The MK I does breath. Tokina did some tweaking and reduced it a bit. It’s not a big improvement. If the slip focus isn’t a big distance the breathing is much less distracting. I personally don’t have an issue with it since I don’t do a lot of long rack focuses. The lens has a close focus of 3.3-feet.

Tokina Cinema 50-135mm MKI Breathing Test

Tokina Cinema 50-135mm MKII Breathing Test

Flare, Bokeh & Color

I like a little vintage flare sometimes but too much can be hard to control. The 50-135mm MKII has a nice look when lights hit the lens. The sample above is shooting straight up Broadway in downtown San Diego with cars in the background. I got some washed out areas that looked nice. The Bokeh is also delicious 🙂 The lens isn’t clinical and pushes to the warm side. I also appreciate that as cooler lenses are not my favorite.

Tokina Cinema 11- 20mm T2.9
Tokina Cinema 11- 20mm T2.9

The 50-135mm MK II was designed to match the mechanical and optical properties of the Tokina Cinema 11- 20mm T2.9 zoom. Both have the same front diameter, making them easy to work with when using a matte box. Both lenses in the series feature an interchangeable mount between PL, EF, Sony E, MFT, and Nikon F mounts.

Tokina 50 135 MKII V1

Key features

  • Parfocal lens design
  • Constant T2.9 throughout the 50mm to 135mm zoom range
  • Reduced breathing
  • Smooth, de-clicked, 9-bladed, curved iris
  • Reduced image shift when using the zoom control during filming
  • Aspherical elements and Super-Low Dispersion glass reduce
    distortion and increase optical performance
  • 4K Image ready
  • Durable, all-metal cine-style housing with geared manual zoom,
    focus, and aperture rings for use in follow-focus systems.
  • Common 95mm front diameter for use with a wide variety of
    matte boxes and accessories.
  • 86mm filter thread
  • Zoom, focus, and iris markings are on both sides of the lens for easy viewing and more mounting/follow-focus options.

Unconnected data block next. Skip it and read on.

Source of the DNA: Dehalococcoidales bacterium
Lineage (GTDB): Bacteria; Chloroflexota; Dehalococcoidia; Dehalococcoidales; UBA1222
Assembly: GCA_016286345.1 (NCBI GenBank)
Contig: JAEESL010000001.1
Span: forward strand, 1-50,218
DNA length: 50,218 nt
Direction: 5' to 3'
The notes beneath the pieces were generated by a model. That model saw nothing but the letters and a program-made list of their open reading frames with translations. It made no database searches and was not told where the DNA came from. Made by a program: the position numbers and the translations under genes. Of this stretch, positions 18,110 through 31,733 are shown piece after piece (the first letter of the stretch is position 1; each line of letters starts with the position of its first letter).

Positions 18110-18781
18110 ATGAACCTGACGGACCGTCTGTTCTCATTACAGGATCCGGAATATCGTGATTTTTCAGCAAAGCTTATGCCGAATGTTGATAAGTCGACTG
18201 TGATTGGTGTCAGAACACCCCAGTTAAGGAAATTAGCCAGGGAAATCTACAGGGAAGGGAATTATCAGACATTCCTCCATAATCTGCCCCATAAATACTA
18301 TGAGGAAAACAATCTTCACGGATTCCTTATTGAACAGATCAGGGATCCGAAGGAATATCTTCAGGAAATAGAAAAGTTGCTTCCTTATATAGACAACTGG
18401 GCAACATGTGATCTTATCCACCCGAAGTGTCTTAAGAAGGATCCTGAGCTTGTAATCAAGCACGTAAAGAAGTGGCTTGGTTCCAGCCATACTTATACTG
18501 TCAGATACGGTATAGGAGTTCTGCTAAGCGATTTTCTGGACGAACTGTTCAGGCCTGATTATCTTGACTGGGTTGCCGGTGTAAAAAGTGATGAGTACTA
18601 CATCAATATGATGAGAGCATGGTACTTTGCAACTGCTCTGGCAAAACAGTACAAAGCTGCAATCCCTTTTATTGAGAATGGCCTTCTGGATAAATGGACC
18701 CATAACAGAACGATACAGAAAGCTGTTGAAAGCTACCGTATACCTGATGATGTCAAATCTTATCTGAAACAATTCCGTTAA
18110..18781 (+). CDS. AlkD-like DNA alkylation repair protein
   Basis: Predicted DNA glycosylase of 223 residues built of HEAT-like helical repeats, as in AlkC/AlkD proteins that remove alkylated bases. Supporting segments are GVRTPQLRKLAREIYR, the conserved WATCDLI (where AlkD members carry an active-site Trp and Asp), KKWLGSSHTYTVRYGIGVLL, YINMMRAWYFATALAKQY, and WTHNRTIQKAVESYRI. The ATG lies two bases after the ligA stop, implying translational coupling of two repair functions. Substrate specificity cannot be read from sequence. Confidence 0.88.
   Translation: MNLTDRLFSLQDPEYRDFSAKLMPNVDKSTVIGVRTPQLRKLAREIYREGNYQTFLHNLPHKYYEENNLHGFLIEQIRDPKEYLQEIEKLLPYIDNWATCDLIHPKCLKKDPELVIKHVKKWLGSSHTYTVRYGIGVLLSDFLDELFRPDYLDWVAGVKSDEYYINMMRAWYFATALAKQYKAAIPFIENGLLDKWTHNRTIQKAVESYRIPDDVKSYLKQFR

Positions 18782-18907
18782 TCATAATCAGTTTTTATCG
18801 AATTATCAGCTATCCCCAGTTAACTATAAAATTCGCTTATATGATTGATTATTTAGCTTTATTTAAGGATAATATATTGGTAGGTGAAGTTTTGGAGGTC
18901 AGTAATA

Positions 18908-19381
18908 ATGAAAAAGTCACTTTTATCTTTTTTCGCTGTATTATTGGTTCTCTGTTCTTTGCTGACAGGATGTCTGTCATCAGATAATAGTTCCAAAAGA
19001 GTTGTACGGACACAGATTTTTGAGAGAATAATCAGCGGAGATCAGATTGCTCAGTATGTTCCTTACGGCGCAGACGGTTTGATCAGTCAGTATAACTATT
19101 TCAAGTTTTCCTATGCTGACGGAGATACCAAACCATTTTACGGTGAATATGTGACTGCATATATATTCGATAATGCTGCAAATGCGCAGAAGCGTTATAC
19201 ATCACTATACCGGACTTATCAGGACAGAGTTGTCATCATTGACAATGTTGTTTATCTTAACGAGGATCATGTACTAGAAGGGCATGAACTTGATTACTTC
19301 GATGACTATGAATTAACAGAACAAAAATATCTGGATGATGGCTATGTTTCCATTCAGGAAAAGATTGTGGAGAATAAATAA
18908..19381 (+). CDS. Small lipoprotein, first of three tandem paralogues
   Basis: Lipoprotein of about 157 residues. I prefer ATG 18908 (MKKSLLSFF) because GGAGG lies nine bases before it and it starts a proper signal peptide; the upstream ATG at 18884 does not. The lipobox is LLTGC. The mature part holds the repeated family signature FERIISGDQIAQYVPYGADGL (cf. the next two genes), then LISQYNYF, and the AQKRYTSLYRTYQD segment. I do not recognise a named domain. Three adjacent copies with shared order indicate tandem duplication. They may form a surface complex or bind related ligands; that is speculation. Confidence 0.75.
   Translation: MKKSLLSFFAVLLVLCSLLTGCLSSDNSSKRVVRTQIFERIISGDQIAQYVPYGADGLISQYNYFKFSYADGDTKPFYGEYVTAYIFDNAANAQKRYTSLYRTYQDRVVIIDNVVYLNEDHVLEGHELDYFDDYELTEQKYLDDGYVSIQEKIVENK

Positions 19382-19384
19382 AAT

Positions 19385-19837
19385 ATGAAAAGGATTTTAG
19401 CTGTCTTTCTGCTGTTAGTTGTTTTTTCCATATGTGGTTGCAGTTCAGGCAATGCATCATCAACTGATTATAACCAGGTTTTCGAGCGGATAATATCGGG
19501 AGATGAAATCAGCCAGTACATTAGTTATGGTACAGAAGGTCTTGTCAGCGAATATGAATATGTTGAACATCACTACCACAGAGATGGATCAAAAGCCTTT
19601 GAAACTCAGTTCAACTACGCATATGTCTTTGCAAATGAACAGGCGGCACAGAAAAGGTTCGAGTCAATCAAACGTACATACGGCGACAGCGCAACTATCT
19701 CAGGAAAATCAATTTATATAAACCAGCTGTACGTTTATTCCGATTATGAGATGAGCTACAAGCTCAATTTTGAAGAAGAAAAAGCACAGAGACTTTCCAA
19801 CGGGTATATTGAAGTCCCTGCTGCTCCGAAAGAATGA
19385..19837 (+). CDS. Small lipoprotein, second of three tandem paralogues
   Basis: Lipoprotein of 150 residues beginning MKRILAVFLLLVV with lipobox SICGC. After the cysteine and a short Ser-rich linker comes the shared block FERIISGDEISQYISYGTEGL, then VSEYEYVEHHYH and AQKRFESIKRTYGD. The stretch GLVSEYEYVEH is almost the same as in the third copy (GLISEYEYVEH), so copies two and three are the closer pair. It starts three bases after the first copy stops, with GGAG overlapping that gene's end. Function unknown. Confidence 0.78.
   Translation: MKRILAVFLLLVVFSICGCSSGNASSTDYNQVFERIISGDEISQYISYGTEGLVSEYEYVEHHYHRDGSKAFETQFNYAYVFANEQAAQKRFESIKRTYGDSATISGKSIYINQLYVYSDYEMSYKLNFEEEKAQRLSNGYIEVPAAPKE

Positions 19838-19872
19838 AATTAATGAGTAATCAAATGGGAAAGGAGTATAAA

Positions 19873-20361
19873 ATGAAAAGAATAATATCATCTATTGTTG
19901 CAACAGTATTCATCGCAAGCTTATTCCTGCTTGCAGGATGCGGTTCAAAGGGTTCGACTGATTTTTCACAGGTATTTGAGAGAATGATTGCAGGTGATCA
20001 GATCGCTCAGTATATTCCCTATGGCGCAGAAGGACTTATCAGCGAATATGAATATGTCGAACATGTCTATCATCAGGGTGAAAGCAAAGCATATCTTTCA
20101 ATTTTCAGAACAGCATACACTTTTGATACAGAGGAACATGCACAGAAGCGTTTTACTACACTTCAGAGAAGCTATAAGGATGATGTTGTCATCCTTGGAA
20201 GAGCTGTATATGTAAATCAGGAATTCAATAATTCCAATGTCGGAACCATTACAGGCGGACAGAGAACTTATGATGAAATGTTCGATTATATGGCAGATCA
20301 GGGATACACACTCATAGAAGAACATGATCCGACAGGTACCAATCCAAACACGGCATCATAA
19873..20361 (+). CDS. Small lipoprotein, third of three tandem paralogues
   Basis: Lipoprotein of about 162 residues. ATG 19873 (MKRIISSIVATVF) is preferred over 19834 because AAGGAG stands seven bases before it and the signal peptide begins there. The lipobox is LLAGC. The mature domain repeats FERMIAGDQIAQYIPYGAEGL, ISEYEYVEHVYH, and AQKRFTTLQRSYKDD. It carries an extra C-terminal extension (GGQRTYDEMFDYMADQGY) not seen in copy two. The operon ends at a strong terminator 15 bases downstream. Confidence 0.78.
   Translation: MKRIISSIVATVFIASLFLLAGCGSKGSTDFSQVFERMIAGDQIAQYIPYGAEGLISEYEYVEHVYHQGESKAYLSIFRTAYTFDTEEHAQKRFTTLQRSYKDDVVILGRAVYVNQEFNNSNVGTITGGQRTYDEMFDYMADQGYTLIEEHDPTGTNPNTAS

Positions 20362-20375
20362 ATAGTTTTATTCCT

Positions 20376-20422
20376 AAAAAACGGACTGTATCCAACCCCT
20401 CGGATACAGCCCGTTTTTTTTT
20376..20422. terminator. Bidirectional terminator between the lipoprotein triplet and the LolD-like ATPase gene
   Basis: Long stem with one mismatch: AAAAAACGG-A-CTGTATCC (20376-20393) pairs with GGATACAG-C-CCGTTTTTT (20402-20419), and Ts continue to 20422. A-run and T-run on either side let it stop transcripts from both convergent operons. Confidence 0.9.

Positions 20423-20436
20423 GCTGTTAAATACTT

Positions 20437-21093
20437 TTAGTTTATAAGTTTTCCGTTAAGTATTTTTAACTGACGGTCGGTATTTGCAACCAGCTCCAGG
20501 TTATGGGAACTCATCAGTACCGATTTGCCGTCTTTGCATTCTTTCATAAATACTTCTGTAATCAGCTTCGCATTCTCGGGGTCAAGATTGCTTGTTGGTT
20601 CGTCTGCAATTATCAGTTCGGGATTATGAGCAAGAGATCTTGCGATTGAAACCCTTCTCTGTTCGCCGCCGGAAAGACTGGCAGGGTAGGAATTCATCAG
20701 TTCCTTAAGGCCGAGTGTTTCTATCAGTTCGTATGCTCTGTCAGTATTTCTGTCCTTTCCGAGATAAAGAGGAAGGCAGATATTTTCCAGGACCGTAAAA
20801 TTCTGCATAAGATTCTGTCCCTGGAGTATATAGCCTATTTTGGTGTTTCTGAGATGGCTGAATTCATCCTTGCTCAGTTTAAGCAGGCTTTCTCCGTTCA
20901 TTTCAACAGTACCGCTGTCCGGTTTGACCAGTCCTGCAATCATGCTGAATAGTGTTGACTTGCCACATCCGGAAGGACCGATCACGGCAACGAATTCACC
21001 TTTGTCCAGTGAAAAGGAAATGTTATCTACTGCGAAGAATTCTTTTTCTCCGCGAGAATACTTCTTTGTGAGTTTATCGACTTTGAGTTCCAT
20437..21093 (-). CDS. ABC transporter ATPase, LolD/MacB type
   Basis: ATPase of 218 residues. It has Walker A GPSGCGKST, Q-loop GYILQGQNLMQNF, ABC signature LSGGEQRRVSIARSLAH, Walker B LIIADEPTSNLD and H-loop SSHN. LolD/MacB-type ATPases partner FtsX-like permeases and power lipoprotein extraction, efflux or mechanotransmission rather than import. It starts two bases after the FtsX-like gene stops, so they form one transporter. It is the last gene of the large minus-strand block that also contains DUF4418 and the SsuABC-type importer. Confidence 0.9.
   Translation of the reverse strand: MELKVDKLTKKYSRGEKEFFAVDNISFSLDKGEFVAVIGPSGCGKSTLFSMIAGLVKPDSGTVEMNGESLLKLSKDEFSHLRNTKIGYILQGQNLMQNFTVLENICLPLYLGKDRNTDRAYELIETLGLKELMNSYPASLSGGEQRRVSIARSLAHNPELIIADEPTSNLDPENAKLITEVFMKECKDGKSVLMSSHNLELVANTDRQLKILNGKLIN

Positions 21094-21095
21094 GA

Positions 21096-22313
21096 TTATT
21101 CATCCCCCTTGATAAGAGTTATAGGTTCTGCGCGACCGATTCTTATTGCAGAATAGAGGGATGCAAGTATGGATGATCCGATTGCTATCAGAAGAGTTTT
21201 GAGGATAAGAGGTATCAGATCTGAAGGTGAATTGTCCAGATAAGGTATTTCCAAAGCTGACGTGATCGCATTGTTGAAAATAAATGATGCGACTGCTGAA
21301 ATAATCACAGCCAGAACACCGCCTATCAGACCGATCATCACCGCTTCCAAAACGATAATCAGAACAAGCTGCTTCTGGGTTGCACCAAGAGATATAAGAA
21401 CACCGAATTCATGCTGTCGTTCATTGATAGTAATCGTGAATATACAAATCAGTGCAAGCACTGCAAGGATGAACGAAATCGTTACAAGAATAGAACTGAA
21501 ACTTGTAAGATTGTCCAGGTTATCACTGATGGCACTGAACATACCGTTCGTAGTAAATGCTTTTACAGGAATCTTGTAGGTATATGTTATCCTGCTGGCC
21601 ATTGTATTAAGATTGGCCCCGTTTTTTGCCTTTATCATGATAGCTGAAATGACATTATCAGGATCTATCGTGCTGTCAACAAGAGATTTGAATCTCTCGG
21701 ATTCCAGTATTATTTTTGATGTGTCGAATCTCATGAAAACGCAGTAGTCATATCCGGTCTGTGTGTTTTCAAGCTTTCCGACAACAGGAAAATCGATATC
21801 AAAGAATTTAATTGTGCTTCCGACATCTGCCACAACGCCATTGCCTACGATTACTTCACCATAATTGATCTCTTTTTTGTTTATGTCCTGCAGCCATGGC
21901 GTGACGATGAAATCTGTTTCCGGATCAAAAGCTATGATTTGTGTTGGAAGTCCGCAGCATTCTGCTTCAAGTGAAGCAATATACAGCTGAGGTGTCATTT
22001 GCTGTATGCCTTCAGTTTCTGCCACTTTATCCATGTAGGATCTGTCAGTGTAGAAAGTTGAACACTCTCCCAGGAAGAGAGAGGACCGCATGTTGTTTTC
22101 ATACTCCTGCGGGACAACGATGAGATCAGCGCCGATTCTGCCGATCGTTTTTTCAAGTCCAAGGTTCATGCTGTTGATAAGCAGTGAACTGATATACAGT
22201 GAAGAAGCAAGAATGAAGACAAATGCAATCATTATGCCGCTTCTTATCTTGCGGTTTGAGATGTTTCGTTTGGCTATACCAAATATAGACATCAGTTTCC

• Available Interchangeable Mounts: PL, Canon EF, MFT, Sony E, and Nikon F


Tokina 50 135 MKII on Z Cam E2
Big lens, tiny body. The Tokina Cinema 50-135 on the Z Cam E2

I like the improvements to the Tokina Cinema 50-135mm MK II a lot. It looks and feels like a whole new lens and in a lot of ways it is other than the actual optics. While Tokina states less breathing I found that it still does show it but this is subjective whether it’s overly distracting or not. It did perform a tad better than the MK I so that’s good news.

I’m a former photojournalist, so using parfocal lenses is a very comfortable feel for me to shoot with. I can pop in, set focus, and frame up a shot and start rolling fast. You don’t lose that skill. The range is much less than a B4 2/3″ ENG zoom, but the technique is the same. Having a parfocal lens is a joy to work with.

Tokina as a cinema lens company has been growing. They have full frame options too like the Vista Prime Lenses, and it’s great that they are updating the zooms as well. Zooms come in handy when you need to work quickly with minimal lens changes. It’s not easy to design a fast zoom that doesn’t weigh 10 pounds. The 50-135mm MK II is not light at 3.37 lbs. however, it’s not a beast either.

Cinema Lens Value Play

Tokina 50 135 MKII V2

Tokina Cinema is in an interesting position when it comes to affordable parfocal zooms. The Fujinon MK 50-135mm at $4000 USD is the direct competitor however you won’t have the mount options as the MK line at this time are not offered in PL or EF. On the expensive and lust side, the Angenieux Optimo Style 48-130mm T3 is a mere $24,499 USD.

If you’re going to Cine Gear 2019 make sure to check out Tokina booth and have a look and feel. I think you will like the improvements the MKII has. The Tokina 50-135 will be shipping in December 2019. Price hasn’t been locked in yet is however it should be approximately $3,499 USD.